Although there is no requirement for it; it is most common to leave a space before and after the pound sign for easy readability so it is a good habit to get into.

Yaml Datatypes

We briefly covered it up above but let's go over the specifics of what data types yaml supports:

Key/Value Pairs and Dictionaries

The Key/Value pair is yaml's basic building blocks. Every item in a yaml document is a member of at least one dictionary, whether that be a dictionary defined in the document or the document itself. The key of a Key/Value pair is always a string, however the value is a scalar and can be any data types support by yaml. We have already seen the value being set as a string, number, boolean, or another dictionary.

Numeric Types

Yaml recognizes many common numeric types and even some not so common numeric types. The first of these numeric types are Integer types. We have seen some examples above but let's look at what Integer types are supported:

foo: 231234
bar: 0xDE23
plop: 023332

We can see that foo is just a standard decimal number, however bar is a hexadecimal number (denoted by the 0x) and plop is an octal number (denoted by the 0 at the beginning).

The next numeric type that yaml supports is the floating point numbers. Yaml supports both fixed and exponential floating point numbers:

foo: 3.14159
bar: 24.6701e+05

The less common numeric types yaml supports is infinity and not-a-number or NAN as it is referred:

foo: .inf
bar: -.inf
plop: .NAN

In our example we can see that foo is given a value of infinity whereas bar is given a value of negative infinity. Finally we assign plop a value of NAN.


Yaml handles strings very well and in most situations you don't have to specify single or double quotes, however if you want escape sequences handled we need to use double quotes:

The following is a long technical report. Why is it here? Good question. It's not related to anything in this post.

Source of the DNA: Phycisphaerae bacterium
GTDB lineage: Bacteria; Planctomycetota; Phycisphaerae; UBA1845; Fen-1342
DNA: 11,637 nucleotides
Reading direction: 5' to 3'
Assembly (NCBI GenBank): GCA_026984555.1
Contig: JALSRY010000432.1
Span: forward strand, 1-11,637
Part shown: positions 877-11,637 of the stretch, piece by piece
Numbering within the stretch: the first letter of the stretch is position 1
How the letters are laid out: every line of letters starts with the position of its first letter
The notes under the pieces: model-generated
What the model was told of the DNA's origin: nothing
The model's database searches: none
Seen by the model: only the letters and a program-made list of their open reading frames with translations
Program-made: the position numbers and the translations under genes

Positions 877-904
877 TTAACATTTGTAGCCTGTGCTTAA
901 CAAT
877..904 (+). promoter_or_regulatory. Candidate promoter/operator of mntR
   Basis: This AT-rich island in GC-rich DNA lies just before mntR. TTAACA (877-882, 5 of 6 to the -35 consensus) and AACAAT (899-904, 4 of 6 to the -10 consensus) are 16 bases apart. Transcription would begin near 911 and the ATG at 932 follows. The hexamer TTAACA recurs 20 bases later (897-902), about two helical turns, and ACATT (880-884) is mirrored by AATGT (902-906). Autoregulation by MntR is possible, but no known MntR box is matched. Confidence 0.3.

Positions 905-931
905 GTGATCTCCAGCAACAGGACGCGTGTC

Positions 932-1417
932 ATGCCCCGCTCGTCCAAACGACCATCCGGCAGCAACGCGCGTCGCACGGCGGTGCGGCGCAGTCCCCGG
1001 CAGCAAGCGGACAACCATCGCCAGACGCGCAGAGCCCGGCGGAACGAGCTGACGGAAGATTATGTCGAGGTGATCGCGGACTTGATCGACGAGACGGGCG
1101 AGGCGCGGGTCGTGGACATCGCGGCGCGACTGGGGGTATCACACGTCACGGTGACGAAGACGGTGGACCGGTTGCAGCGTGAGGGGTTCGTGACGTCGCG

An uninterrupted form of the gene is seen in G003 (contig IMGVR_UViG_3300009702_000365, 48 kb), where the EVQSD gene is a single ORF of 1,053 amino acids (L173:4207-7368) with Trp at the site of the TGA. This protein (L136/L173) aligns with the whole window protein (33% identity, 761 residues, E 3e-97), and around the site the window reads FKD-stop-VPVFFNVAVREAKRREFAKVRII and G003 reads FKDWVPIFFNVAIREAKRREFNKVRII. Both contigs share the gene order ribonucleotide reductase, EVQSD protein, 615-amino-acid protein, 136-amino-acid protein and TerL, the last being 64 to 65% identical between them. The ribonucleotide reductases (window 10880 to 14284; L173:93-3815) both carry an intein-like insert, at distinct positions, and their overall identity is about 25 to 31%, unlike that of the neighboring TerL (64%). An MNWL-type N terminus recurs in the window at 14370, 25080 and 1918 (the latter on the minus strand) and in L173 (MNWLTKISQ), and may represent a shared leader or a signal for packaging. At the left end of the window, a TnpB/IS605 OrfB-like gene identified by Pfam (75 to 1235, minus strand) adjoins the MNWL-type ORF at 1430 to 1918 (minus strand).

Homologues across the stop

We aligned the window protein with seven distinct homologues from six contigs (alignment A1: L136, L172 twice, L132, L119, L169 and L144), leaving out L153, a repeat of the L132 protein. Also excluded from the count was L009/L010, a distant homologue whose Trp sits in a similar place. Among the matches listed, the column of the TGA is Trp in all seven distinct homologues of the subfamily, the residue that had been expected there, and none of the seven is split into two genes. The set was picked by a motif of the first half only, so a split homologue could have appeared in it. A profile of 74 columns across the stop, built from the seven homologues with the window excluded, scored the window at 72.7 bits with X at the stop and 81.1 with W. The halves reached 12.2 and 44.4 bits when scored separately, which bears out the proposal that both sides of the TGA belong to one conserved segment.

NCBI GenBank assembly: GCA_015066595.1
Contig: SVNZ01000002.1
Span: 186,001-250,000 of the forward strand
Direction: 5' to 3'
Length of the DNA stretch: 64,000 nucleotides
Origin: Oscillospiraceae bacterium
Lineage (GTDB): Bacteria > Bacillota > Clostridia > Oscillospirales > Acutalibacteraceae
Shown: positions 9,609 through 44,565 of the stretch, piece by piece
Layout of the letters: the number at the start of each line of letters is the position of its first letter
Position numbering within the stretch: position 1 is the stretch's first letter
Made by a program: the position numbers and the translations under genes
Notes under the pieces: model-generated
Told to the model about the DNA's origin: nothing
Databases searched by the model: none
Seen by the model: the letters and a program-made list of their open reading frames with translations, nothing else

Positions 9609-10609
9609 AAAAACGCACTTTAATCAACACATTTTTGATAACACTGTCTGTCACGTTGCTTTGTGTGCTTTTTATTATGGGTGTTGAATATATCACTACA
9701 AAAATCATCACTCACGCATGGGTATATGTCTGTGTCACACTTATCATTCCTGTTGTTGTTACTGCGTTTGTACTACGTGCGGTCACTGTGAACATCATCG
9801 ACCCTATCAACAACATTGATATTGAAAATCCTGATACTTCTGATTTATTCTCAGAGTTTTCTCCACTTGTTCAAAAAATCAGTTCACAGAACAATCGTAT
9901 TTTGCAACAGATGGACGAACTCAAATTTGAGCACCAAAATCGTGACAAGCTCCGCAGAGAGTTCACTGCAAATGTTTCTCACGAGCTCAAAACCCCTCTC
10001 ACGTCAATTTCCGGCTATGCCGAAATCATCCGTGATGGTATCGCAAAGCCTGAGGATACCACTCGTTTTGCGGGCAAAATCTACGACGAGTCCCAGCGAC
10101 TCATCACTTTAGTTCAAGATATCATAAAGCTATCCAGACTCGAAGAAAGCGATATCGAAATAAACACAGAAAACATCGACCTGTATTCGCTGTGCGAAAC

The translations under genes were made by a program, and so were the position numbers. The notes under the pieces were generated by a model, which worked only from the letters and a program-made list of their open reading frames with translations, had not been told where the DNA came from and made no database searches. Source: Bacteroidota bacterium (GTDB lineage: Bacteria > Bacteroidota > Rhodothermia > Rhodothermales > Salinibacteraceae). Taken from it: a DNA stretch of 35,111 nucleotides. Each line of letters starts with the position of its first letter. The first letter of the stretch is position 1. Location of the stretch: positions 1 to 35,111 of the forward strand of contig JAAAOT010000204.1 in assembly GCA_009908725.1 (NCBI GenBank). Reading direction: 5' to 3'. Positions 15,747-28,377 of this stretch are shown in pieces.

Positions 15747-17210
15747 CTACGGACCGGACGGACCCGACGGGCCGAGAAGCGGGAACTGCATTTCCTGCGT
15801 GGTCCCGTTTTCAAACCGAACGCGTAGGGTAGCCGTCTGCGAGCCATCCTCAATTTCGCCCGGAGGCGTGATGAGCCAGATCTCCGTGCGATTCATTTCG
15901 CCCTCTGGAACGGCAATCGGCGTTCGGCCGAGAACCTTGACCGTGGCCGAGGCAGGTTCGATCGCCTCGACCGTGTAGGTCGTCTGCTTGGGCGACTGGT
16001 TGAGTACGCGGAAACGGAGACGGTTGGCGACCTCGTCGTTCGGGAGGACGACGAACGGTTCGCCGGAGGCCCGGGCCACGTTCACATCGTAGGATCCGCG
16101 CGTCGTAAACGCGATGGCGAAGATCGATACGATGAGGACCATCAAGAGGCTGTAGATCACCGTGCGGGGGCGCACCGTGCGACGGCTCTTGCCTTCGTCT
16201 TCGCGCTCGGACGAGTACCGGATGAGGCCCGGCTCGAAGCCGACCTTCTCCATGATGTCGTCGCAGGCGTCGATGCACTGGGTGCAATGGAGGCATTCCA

foo: "This string has an escape squence\n"
# Will be read as "This string has an escape squence"

bar: This string has a\n
# Will be read as "This string has a\n"

plop: 'This string has a\n'
# Will be read as "This string has a\n"

Yaml will not escape strings with single quotes either as we can see, but using single quotes will avoid having the string contents interpreted as document formatting. Strings values can also span multiple lines with the fold (>) character:

foo: >-
  This string spans
  multiple lines.
  I can write stories
  with this.

With fold however the block will not be interpreted with the newline characters making it all one string. If you want to keep the formatting you can use the pipe (|) character, which behaves very similar to the fold character but interprets the field exactly as it is:

bar: |
  Now I can really
  type my story.
  This will keep its
  formatting exactly
  as it is displayed!


If you every need to assign a null value to a key you yaml supports that as well. You can specify a null value with either a tilde (~) or the unquoted string null:

foo: ~
bar: null


In yaml you specify boolean values with keywords with True, true, On, on, Yes, or yes to represent true and False, false, Off, off, No, or no to represent false:

foo: True
bar: False
light: On
tv: no


You can specify arrays in yaml on a single line or with a list:

items: [ 1, 2, 3, 4, 5]
  - 1
  - 2
  - 3
  - 4
  - 5

The list format is useful when your list contains complex objects instead of scalar values:

  - things:
      thing1: huey
      things2: dewey
      thing3: louie
  - other things:
      key: value

An array can contain any valid yaml value. The values in a list do not have to be the same type either.


We briefly covered dictionaries previously, but there is more to them. Like arrays, you can put dictionaries inline:

foo: { thing1: huey, thing2: louie, thing3: dewey }

Dictionaries can span multiple lines:

foo: bar
bar: foo

Dictionaries can of course also be nested:

    - bar
    - rab
    - plop
This page was last updated: 2023-04-12 Wed 20:29. Source